In the middle of a New York Magazine dialogue on heaven and hell, damnation and salvation, Supreme Court Justice Antonin Scalia offered this theological zinger: "I even believe in the Devil."
The Devil is a major player in the Gospels and faithful Catholics know that, he said, before adding: "Most of mankind has believed in the Devil, for all of history."
The principalities and powers of elite America were shocked -- shocked -- by his confession. But one veteran Hollywood scribe pounded out a friendly email of support, from one conservative Catholic to another.
"I told him to quit honing into my territory," said William Peter Blatty, who won an Academy Award in 1973 for adapting his novel, "The Exorcist," for the big screen. "I don't tell him how to write Supreme Court opinions. ... He should let me take the heat for talking about the Devil. That's my job."
The 85-year-old Blatty was joking and being serious at the same time, which is business as usual whenever he explains the twists and turns in his life since 1967. That was the year when memories of a sobering theology lecture he heard as a Georgetown University student began evolving into the novel that transformed him from a comedy pro into a horror legend.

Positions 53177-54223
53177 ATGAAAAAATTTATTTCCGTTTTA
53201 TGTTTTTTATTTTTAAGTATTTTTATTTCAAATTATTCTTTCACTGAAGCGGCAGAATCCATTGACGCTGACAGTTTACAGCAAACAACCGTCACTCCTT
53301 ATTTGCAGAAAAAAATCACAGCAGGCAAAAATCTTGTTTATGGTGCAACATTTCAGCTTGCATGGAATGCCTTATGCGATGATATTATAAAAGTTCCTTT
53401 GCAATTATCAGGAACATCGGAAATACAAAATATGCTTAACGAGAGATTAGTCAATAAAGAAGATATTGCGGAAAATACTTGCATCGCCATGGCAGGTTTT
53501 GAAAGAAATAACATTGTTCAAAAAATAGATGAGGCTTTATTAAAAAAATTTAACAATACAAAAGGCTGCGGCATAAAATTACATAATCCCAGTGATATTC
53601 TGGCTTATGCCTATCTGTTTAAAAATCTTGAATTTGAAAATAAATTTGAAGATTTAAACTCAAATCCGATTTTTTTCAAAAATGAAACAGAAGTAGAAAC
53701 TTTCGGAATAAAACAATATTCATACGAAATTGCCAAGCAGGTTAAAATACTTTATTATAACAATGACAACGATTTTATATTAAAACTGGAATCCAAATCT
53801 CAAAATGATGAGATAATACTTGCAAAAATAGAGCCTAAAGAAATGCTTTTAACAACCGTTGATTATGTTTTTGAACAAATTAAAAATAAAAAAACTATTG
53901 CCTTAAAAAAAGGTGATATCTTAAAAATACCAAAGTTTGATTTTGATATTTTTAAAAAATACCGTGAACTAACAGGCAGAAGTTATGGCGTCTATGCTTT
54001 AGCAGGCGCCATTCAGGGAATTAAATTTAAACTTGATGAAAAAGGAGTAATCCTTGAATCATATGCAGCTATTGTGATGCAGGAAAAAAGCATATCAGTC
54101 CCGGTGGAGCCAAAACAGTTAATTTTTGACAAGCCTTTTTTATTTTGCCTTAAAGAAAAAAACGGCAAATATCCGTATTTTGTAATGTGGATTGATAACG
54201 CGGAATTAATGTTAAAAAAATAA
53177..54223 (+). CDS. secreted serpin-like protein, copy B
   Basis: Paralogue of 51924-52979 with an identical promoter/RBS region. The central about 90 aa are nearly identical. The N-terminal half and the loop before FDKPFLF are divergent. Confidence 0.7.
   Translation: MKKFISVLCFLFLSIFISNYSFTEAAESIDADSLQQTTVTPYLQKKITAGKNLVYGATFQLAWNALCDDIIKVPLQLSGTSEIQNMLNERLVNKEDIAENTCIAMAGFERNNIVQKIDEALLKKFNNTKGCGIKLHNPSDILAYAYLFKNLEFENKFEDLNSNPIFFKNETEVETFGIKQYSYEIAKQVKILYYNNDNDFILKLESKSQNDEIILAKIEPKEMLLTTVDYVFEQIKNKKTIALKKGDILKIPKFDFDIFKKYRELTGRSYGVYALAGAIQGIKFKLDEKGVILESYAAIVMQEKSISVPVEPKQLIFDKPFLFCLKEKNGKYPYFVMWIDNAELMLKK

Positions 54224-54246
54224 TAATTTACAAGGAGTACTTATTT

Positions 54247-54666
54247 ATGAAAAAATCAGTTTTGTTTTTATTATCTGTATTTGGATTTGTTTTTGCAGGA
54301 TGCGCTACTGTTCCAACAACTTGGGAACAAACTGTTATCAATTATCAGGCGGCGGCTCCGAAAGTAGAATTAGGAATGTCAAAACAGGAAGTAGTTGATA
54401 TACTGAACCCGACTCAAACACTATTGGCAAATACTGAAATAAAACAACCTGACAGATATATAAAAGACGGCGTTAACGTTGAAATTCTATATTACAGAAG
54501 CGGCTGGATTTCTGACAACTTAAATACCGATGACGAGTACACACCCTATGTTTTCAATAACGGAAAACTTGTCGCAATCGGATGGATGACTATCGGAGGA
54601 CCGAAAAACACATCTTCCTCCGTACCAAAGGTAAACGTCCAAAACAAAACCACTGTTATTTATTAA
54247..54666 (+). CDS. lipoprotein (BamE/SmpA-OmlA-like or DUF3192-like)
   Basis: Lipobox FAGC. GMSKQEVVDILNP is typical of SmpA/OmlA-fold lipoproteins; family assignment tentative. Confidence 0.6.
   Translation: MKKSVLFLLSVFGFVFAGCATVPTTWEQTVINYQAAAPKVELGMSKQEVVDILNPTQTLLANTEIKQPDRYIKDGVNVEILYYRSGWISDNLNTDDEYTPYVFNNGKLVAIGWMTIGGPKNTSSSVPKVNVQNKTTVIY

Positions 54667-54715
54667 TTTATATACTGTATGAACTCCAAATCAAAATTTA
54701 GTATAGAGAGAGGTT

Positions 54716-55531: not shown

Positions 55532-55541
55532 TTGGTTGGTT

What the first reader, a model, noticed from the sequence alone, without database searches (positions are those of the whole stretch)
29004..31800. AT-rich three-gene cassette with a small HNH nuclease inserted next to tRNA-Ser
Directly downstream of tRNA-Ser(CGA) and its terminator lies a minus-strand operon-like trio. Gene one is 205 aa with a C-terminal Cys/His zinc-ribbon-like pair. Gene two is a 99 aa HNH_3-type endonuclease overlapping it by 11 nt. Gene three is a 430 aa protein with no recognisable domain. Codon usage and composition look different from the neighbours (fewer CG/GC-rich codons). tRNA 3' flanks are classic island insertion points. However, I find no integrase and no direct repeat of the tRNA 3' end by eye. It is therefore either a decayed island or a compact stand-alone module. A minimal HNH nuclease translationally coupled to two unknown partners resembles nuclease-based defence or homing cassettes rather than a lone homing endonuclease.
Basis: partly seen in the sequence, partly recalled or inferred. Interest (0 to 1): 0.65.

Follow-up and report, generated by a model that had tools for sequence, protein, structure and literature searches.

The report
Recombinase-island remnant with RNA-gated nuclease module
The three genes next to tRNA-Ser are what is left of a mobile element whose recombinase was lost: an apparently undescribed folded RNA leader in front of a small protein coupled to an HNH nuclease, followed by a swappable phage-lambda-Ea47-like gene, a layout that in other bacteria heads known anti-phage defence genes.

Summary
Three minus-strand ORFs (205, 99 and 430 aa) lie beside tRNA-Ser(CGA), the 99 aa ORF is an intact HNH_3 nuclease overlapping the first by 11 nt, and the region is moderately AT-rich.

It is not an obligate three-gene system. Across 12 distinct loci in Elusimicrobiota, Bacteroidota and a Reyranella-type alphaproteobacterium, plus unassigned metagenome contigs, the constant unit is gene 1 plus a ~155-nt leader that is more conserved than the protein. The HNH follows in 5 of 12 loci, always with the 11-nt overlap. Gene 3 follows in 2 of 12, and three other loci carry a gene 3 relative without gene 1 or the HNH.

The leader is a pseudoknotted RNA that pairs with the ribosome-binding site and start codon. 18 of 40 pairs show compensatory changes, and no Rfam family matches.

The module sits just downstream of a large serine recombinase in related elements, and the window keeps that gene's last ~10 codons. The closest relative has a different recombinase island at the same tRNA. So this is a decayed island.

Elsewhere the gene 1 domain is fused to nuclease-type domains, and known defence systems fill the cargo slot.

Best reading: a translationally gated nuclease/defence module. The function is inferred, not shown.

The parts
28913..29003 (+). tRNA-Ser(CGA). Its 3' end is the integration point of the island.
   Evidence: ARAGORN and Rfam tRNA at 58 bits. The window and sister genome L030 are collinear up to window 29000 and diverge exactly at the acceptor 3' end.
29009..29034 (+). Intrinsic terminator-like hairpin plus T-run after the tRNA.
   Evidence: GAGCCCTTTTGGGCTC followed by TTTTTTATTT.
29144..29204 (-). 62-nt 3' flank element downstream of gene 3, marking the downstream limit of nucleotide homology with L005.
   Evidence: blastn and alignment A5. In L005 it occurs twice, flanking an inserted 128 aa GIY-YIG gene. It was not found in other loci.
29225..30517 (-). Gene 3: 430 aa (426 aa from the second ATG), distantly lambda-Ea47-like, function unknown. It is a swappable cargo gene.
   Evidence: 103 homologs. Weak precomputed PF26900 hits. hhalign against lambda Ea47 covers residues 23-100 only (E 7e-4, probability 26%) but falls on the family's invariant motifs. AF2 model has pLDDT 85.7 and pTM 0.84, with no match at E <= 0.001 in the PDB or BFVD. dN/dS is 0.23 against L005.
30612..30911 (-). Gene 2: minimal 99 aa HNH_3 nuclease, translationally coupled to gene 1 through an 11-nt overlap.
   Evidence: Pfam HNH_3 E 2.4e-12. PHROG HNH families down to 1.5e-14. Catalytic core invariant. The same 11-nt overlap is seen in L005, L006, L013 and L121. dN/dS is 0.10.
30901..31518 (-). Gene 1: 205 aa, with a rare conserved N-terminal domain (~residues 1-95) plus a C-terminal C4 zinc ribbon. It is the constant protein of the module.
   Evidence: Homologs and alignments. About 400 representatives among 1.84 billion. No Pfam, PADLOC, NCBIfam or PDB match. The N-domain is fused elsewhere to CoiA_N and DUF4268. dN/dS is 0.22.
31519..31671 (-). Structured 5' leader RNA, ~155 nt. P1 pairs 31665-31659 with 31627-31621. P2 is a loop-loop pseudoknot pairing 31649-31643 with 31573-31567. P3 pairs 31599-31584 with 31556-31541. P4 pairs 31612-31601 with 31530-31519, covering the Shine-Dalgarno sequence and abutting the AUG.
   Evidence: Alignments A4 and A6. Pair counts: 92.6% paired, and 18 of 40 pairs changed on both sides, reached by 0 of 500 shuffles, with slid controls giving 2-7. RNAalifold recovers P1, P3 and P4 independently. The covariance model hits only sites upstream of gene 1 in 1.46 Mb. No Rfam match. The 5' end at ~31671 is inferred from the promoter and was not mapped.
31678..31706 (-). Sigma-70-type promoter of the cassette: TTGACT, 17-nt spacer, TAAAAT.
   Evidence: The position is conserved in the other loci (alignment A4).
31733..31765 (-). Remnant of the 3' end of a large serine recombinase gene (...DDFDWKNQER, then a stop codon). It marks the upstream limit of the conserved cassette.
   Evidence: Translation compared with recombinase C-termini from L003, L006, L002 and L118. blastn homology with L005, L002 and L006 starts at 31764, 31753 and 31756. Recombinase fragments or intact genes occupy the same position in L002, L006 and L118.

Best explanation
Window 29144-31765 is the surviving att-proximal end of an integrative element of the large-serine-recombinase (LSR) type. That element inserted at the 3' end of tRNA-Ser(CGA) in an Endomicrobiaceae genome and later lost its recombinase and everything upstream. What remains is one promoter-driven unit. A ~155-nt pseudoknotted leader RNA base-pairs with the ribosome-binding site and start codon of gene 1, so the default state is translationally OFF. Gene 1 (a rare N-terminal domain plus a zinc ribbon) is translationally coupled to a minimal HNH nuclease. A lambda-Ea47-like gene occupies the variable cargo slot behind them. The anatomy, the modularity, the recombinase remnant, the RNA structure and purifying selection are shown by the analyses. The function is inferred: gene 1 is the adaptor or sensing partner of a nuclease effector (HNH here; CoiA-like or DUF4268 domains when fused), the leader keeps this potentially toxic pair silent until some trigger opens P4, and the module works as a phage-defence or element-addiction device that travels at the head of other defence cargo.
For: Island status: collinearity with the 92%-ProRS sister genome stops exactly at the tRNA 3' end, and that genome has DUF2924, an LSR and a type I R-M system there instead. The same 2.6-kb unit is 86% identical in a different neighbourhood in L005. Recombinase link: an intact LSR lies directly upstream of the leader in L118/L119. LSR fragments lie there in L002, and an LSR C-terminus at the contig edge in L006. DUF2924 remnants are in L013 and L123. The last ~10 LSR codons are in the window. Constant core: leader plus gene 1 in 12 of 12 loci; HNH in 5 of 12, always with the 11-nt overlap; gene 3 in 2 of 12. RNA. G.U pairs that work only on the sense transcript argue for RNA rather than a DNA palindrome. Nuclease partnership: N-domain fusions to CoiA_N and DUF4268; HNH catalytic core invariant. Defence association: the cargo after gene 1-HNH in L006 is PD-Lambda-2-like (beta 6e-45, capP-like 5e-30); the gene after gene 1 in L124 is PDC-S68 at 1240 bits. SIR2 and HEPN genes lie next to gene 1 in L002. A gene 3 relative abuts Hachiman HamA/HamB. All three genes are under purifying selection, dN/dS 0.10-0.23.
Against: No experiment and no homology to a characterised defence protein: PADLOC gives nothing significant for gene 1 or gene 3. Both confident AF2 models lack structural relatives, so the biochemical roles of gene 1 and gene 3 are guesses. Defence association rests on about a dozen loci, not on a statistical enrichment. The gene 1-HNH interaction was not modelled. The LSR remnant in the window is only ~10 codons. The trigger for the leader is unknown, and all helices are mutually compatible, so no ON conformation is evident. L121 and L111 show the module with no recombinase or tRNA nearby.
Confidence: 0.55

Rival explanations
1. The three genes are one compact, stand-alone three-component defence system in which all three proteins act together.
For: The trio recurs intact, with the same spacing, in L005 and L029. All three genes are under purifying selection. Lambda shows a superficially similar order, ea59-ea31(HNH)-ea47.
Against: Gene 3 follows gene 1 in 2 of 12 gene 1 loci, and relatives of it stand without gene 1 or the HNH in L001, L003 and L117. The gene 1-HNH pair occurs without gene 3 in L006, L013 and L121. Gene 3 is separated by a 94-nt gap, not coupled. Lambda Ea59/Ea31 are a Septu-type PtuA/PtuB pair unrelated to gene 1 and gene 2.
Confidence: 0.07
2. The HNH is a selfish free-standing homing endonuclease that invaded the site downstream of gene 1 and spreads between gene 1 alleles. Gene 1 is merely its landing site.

Grief also helped shape the novel, in which a Jesuit psychiatrist tries to help a 12-year-old girl who is exhibiting the symptoms of demon possession, complete with fountains of green vomit and obscenities.
The fictional Father Damien Karras experiences paralyzing doubts after his mother's death. Blatty was typing the second page of his earliest take on the story when he received the call that his mother had died.
"I knew what I wanted to do. I wanted to make a statement that the grave is not the end, that there is more to life than death," said Blatty, in a Bethesda, Md., diner near his home, not far from the Georgetown neighborhood described in "The Exorcist."